As fans of rugby union, some of us like to think we know our game inside out, following every detail of the sport we love and cherish.

Yet sometimes there are things we discover that we didn’t previously know, presenting us with interesting undiscovered information, and wonderful oddities that can surprise or simply make us chuckle with amusement. Here are three such examples that will now become lodged in our collective memories.

The other Carling brother

Having served as an England international who made 72 appearances for his country, leading the team in 59 of those matches as captain, Will Carling was a respected “one-club man” who exclusively represented Harlequins throughout his senior career, between 1987 and 2000. But somewhat less known is that he also has an older brother named Marcus, who also enjoyed rugby, albeit without the same level of success, compared to his illustrious younger sibling.

Nevertheless, during a period when Will was in the limelight, Marcus Carling did actually play on the international stage when he relocated to Asia, at the same time he ran a property business in Bangkok. Having already spent two years in Hong Kong and played sevens for them, before being asked to represent Thailand in a rugby sevens tournament in 1993. Although they suffered heavy defeats, he remained grateful for the experience and opportunity.

These days rugby continues to grow in Thailand, where there are now more than 16,000 registered players, having become affiliated with the IRFB in 1989. The game still has a long way to go in the Asian country, although it has developed an avid following. Whenever browsing for top online sports betting websites known in Thailand as เว็บพนันกีฬาออนไลน์, fans always look for the best odds and offers, keen to back the international and club teams they support.

When rugby union ruled in Manchester

Regardless of the recent soccer success enjoyed by Manchester City, which follows on from a previous golden age for Manchester United that spanned the 1990’s and 2000’s, there was a time when the ‘beautiful game’ played second fiddle to rugby union. In fact, in the latter half of the 19th century, with organised football still within its formative years, rugby union and lacrosse were more popular, both in terms of attending matches and participation.

But what changed? Well, according to sports historians, the biggest shift came with the rugby schism of 1895, when the Northern Rugby Football Union (NRFU) was formed. This allowed working class people to take up what became rugby league, get paid to play professionally to compensate their time away from work, while rugby union remained staunchly amateur at the time. This inevitably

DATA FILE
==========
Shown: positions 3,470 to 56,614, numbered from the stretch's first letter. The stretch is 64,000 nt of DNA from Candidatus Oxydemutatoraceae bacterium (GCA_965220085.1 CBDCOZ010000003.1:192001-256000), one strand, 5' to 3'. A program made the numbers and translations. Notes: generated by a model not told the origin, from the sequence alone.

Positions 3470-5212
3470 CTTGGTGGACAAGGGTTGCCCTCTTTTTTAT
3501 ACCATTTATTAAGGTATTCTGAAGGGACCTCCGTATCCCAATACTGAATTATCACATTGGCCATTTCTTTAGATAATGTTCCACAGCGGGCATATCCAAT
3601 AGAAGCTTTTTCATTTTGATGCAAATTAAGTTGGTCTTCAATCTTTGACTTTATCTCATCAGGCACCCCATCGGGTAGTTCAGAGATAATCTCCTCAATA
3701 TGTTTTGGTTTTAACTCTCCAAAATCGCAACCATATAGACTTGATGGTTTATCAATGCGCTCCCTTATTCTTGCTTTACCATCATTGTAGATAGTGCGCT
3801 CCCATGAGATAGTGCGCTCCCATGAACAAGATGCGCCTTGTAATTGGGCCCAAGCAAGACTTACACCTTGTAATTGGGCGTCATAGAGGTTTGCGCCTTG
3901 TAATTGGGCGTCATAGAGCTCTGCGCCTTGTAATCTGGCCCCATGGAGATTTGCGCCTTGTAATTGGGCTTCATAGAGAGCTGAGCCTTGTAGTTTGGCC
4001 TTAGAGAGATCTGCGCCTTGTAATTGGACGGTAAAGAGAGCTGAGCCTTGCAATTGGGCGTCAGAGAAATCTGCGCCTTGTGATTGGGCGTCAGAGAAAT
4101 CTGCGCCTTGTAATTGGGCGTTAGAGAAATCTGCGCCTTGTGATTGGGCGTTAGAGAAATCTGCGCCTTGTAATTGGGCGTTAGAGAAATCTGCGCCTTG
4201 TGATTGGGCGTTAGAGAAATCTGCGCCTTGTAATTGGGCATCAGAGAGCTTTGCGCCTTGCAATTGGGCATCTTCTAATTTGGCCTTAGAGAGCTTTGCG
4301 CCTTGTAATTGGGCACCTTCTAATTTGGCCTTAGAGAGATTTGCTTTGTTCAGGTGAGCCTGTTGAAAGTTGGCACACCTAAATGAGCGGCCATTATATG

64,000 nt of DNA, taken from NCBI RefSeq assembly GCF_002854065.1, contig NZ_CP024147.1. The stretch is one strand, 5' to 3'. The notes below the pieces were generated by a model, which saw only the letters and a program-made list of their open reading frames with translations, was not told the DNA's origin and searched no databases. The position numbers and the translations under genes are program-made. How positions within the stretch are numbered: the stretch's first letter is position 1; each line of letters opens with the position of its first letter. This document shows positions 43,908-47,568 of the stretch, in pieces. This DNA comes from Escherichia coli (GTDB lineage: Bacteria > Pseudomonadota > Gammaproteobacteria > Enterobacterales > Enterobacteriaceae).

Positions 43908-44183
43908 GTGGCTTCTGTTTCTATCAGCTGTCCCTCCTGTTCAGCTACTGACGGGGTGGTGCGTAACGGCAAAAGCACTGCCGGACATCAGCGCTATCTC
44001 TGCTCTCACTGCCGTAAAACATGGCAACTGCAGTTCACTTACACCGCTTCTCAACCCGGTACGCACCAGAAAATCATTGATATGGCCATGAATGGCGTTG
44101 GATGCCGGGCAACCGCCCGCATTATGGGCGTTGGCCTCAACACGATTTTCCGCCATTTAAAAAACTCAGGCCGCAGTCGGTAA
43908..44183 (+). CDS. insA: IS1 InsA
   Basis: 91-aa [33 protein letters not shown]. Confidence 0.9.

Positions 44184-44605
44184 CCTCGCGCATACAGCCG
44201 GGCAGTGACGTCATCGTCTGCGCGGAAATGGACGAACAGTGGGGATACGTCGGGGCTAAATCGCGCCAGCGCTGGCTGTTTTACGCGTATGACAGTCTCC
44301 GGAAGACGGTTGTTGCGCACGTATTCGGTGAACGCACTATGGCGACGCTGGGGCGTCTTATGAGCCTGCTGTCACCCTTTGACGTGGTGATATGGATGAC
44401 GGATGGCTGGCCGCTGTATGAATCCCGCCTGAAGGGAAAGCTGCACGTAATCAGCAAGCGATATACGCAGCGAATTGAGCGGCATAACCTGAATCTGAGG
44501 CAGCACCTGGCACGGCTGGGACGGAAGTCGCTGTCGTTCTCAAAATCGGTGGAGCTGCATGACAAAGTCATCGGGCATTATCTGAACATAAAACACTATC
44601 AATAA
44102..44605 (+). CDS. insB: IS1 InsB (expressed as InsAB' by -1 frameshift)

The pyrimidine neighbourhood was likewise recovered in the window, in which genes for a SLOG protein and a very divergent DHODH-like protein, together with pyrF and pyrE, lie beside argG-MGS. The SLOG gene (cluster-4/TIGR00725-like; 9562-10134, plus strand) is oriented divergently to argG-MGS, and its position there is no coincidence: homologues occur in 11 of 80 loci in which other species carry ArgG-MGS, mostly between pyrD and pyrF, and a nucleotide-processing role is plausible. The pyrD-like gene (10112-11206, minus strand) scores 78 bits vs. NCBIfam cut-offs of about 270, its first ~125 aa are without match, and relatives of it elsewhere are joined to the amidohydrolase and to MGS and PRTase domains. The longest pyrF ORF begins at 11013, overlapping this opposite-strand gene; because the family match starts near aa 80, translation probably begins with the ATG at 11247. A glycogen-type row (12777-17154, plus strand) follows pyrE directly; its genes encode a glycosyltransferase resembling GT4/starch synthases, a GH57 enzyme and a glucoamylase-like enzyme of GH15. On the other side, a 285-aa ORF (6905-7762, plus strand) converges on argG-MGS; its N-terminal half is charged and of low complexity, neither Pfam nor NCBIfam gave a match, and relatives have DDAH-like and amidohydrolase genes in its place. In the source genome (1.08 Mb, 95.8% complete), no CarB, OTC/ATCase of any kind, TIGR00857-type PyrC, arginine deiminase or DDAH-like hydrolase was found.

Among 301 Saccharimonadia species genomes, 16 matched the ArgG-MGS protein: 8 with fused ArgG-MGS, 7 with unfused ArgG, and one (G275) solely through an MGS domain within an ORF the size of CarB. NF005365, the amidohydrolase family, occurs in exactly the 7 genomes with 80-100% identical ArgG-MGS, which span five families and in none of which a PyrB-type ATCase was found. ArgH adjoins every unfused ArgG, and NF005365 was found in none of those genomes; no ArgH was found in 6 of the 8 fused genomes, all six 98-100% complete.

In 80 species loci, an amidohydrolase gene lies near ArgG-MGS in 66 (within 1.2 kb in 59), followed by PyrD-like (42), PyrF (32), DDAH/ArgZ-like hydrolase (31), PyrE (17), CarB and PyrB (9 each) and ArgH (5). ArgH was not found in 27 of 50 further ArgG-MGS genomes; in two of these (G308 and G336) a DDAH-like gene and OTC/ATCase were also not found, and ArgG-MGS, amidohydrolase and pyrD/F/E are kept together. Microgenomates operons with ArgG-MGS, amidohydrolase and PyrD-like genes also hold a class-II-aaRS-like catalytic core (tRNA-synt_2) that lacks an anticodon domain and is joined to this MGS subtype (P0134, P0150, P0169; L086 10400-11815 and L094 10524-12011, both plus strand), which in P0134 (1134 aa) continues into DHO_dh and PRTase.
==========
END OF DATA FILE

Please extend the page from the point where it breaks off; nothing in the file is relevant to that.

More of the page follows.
Manchester Football Club (now known simply as Manchester Rugby Club), still one of the oldest rugby union clubs in existence, was amongst the most successful sides of that era. However, following the formation of rugby league throughout northern England, that code gradually became increasingly popular. Likewise, association football or soccer was also beginning to flourish, then eventually surpassed both rugby codes as the sport of choice.

They do things differently in Japan

Currently the head coach of Newcastle Falcons, 44-year-old Dave Wilder has enjoyed an extensive career in rugby union. Indeed, it’s fair to say that he has been there and practically done it all. He also played 140 games for the team he now leads, between 1999 and 2006, before moving on to play for Wasps between 2006 and 2010. As his playing career began to reach its conclusion, he decided to try an alternative destination and challenge.

Walder departed for Japan with little idea what he might expect to encounter, discovering some interesting and subtle differences in how the game was played there, compared to his previous experiences in England. A few years ago, he revealed some of the stranger rugby rules that were deployed in Japan, where the sport has enjoyed considerable growth and increased popularity in recent decades.

One of the most amusing Walder recalled was regarding kit appearance, explaining that socks must always be pulled up and shirts tucked in. The match referee pointed this out when he debuted for Mitsubishi Sagamihara DynaBoars, tapping the English man on the shoulder to politely explain the custom. What’s more, the referee sometimes asked crowds to be quiet, so hookers could hear the lineout calls, making for a somewhat more muted experience for Walder, compared to back home.